Back in August it would have been a fair bet that, outside of SABA, not one HBS student would have had the slightest clue about the Indian sport of Kabaddi. Three months later, on a cold blustery Friday afternoon, over one hundred students representing seven of the ten RC sections gathered on Baker Library Lawn to take part in this somewhat bizarre activity normally more closely associated with rural South Asia than America’s premier university.
Kabaddi started as something of a joke after section mates discovered that Will Dean (NI) had listed the sport as an interest on his classcard and, out of curiosity, agreed to a one-off game. The game, which Will learned whilst working at the British Embassy in New Delhi, was an instant hit. Soon, regular Friday afternoon Kabaddi sessions became the norm in Section I. Amazed by the instant popularity of the sport, Will set about organizing an Inter-Section Kabaddi tournament to raise money for Shakti Shalini, an orphanage and women’s shelter in New Delhi. After some initial concerns stemming from stories of broken noses and dislocated jaws, seven RC sections managed to raise squads for the tournament with each player – and many spectators – giving a $10 donation to Shakti Shalini. In total, the event raised over $1,000 for the charity that helps impoverished single mothers across India.
The popularity of Kabaddi lies in its simplicity. The game, played primarily by village dwellers in rural India, takes only five minutes to learn. It is fast-paced and high scoring and combines teamwork on defense neatly with individual offensive flare; a combination of big bone-crunchers and light slippery players forms a strong team. Players from each side take it in turn to charge into the opposition’s half with the aim of tagging as many players as possible before returning to their own half. The complicating factor, however, is that the attacker must hold his breath – something he proves by chanting ‘kabaddi, kabaddi, kabaddi’ – the entire time he lingers in the other side’s zone. Meanwhile, the defenders attempt to wrestle him to the ground until he is out of breath. The event is a hit with spectators, who on Friday numbered at least eighty. As one impassioned member of Section I explains, “the spectacle of seven men leaping upon one raider as he frantically attempts to retreat home is comedic in the extreme.”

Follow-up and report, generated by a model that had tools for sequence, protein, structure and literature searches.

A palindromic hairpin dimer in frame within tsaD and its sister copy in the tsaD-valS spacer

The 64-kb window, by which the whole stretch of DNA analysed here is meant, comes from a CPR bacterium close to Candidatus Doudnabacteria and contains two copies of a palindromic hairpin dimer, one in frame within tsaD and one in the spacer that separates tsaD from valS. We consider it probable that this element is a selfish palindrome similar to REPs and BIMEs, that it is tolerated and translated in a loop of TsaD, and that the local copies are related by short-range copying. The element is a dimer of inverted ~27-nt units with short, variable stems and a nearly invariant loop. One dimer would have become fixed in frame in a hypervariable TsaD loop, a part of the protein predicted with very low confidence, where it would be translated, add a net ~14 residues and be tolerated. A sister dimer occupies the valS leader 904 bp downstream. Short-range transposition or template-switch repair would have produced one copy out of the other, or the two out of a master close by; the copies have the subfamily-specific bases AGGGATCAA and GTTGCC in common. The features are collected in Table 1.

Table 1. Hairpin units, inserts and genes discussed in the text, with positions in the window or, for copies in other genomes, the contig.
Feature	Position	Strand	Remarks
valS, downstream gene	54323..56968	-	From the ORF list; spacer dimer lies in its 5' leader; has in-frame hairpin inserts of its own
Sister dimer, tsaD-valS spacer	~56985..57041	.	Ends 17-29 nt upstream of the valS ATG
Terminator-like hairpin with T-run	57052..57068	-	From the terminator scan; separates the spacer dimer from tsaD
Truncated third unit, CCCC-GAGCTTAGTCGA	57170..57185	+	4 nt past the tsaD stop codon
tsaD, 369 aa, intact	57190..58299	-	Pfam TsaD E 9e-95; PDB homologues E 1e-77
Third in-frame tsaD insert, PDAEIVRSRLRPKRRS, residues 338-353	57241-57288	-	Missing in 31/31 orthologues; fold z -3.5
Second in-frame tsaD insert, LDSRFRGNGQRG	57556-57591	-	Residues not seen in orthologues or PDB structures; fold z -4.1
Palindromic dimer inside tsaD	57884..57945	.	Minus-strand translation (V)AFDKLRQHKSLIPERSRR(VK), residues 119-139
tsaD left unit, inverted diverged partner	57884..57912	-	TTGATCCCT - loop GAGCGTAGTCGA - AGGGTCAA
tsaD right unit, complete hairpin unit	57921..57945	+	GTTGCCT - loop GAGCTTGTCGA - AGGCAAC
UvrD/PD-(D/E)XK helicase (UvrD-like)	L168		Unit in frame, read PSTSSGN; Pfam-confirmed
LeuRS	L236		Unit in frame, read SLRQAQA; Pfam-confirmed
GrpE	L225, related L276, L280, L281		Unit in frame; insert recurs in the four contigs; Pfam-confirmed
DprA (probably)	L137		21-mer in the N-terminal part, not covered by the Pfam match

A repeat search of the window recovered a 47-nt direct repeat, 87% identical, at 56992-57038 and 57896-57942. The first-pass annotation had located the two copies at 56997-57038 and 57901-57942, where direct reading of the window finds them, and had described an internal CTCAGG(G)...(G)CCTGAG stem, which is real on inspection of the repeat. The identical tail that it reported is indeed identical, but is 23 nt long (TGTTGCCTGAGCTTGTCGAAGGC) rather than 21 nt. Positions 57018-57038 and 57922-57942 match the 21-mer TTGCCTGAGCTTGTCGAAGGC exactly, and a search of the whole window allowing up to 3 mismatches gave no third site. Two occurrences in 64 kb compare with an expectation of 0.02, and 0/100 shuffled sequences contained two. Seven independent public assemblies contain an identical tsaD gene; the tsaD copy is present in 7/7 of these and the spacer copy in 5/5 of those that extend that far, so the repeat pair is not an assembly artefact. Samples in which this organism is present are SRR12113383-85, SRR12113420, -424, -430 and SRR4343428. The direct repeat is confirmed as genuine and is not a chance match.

On the field, both Section I teams made an impressive start. Section I (A Team) knocked out a spirited Section C whilst the experience of the smaller B Team allowed them to dispatch a highly competent G. In the other first round matches, a frighteningly well-organized Section B smashed passed a shell-shocked H, while a seemingly impenetrable Section E demonstrated that they have learned several lessons since their defeat to Section I as they brushed passed D. The first semi-final plotted Section I (B Team) against an increasingly confident B; ultimately experience gave way to size as the HBS Rugby First XV Prop Joel Hartel (NB) saw of several lighter B Team players in a closely fought and highly entertaining contest. The other semi-final proved to be equally absorbing as Section E challenged Section I (A Team) right to the end. The game was highly charged but referee Carlos Angrisano stood his ground as Section I eventually disposed of captain Matt Wrigley’s squad.
The tournament’s final round lacks none of the drama of earlier games as Section I immediately lost several points to B. The crowd of Section I supporters was stunned into silence as the tournament favorites were taught a lesson by Satya Raghavan’s (NB) side – the only team to include a female Kabaddi player, Liz Whitman (NB). However, Section I Captain Justin Pinchback rallies the troops and superb performances on attack from Jeremy King and Vivek Raj as well as crunch tackles from Bram Belzberg and Will Dean began to give I the edge. . As the skies darken and Boston’s December chill lays its claim, the game was won on defense as I’s experience and discipline allowed them to pick off B’s raiders. Although the victory was decisive, the final score of 14-5 perhaps flatters I, who can expect a much stiffer challenge in the future.
Already section teams are training for next Kabaddi tournament, which is scheduled for spring 2008. In the meantime, Section I will resume Friday afternoon Kabaddi as soon as weather permits. As always, new players are not only welcome but encouraged.